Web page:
US 20050251068 A1
Apparatus including a bone-growth stimulator including a vibrating element housed in a hand-held housing and/or an osseous limb wrapping.
1. Apparatus comprising:
a bone-growth stimulator comprising a vibrating element housed in at least one of a hand-held housing and an osseous limb wrapping.
2. The apparatus according to
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10. The apparatus according to
11. Apparatus comprising:
a bone-growth stimulator comprising footwear that comprises a foot-contacting surface for receiving thereupon a user's foot and a ground-contacting surface, wherein two bulbous protuberances, each having a curved outer contour, protrude from a bottom surface of said comprises a foot-contacting surface for receiving thereupon a user's foot and a ground, one of said protuberances being positioned more posteriorly than the other of said protuberances; and
a vibrating element disposed in said footwear.
12. The apparatus according to
The present invention relates generally to stimulation of bone growth, particularly by the application of vibration and inducement of mechanical strain in bone tissue.
Numerous publications and patents disclose various methods of maintaining or promoting bone-tissue growth. For example, U.S. Pat. No. 5,103,806 to Clinton Rubin describes methods of promoting bone-tissue growth and bone maintenance by the application of relatively high frequency, relatively low level mechanical load to the bone tissue. The preferred frequency mentioned in that patent document is in the range of about 10-50 Hz, and the preferred peak-to-peak level of the mechanical load is sufficient to induce strain on the order of between about 50 and about 500 microstrain. Mechanical loading on bone tissue at strains of this level and induced within the frequency range set forth above can prevent bone loss and enhance new bone formation.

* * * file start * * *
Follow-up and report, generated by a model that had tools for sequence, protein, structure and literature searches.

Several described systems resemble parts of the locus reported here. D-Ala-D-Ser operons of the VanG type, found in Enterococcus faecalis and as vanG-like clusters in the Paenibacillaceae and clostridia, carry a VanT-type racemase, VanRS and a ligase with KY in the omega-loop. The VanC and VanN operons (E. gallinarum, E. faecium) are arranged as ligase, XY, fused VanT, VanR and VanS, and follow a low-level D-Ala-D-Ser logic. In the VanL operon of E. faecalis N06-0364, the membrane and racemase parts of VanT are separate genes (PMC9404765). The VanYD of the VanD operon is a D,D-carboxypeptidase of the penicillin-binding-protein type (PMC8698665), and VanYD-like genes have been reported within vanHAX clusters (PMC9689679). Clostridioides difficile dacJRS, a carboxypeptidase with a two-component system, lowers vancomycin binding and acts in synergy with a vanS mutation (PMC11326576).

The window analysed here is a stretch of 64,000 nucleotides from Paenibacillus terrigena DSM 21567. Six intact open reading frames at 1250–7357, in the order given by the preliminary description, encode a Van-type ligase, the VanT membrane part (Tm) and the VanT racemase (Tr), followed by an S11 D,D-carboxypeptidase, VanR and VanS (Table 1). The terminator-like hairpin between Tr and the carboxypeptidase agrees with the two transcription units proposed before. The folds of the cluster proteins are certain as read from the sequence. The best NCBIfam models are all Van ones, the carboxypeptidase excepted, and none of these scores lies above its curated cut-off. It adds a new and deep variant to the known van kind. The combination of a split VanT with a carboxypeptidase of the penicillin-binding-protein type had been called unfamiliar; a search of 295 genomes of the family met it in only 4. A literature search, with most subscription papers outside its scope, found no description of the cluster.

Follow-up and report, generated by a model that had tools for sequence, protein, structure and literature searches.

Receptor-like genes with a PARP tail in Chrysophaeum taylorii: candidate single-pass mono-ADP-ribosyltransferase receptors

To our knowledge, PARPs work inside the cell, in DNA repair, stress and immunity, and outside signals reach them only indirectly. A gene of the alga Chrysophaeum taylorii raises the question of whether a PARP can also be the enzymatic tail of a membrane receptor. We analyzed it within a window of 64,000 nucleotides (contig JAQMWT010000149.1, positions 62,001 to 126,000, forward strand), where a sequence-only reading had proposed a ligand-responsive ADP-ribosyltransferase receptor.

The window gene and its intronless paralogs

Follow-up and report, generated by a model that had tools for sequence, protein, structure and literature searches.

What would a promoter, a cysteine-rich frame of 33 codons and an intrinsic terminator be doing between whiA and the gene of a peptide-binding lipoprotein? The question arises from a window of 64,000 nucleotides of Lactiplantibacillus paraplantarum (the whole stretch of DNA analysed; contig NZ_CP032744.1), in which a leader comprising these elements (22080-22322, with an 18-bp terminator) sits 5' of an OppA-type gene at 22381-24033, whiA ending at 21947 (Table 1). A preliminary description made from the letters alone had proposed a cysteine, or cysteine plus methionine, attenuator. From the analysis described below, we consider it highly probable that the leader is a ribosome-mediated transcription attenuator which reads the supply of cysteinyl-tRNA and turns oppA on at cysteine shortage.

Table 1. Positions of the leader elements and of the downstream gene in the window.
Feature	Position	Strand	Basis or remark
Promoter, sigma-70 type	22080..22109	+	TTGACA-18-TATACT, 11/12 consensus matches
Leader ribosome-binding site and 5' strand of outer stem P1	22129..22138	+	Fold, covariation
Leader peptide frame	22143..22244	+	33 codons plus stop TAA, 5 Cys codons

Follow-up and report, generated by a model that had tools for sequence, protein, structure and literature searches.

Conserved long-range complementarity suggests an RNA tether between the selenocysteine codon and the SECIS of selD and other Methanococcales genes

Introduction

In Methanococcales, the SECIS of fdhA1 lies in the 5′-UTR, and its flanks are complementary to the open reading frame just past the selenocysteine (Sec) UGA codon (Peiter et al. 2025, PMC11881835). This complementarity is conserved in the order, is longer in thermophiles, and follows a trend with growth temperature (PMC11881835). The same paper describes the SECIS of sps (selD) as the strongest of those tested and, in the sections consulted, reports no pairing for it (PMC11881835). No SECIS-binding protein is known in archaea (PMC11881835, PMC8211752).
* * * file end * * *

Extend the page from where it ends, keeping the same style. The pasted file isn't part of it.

Rubin has also published many articles about the subject. Two pertinent examples are “Transmissibility of 15-Hertz to 35-Hertz Vibrations to the Human Hip and Lumbar Spine: Determining the Physiologic Feasibility of Delivering Low-Level Anabolic Mechanical Stimuli to Skeletal Regions at Greatest Risk of Fracture Because of Osteoporosis”, Clinton Rubin, Malcolm Pope, J. Chris Fritton, Marianne Magnusson, Tommy Hansson, and Kenneth McLeod, Spine 2003; 28:2621-2627, and accessible as bme.sunysb.edu/bme/people/faculty/docs/crubin/2003-Spine-transmissibility.pdf. This study involves experiments to determine the degree to which high-frequency (15-35 Hz) ground-based, whole-body vibration are transmitted to the proximal femur and lumbar vertebrae of the standing human. The objective of the experiments is to establish if extremely low-level (1 g) mechanical stimuli can be efficiently delivered to the axial skeleton of a human. Under sterile conditions and local anesthesia, transcutaneous pins were placed in the spinous process of L4 and the greater trochanter of the femur of six volunteers. Each subject stood on an oscillating platform and data were collected from accelerometers fixed to the pins while a vibration platform provided sinusoidal loading at discrete frequencies from 15 to 35 Hz, with accelerations ranging up to 1 g peak-peak.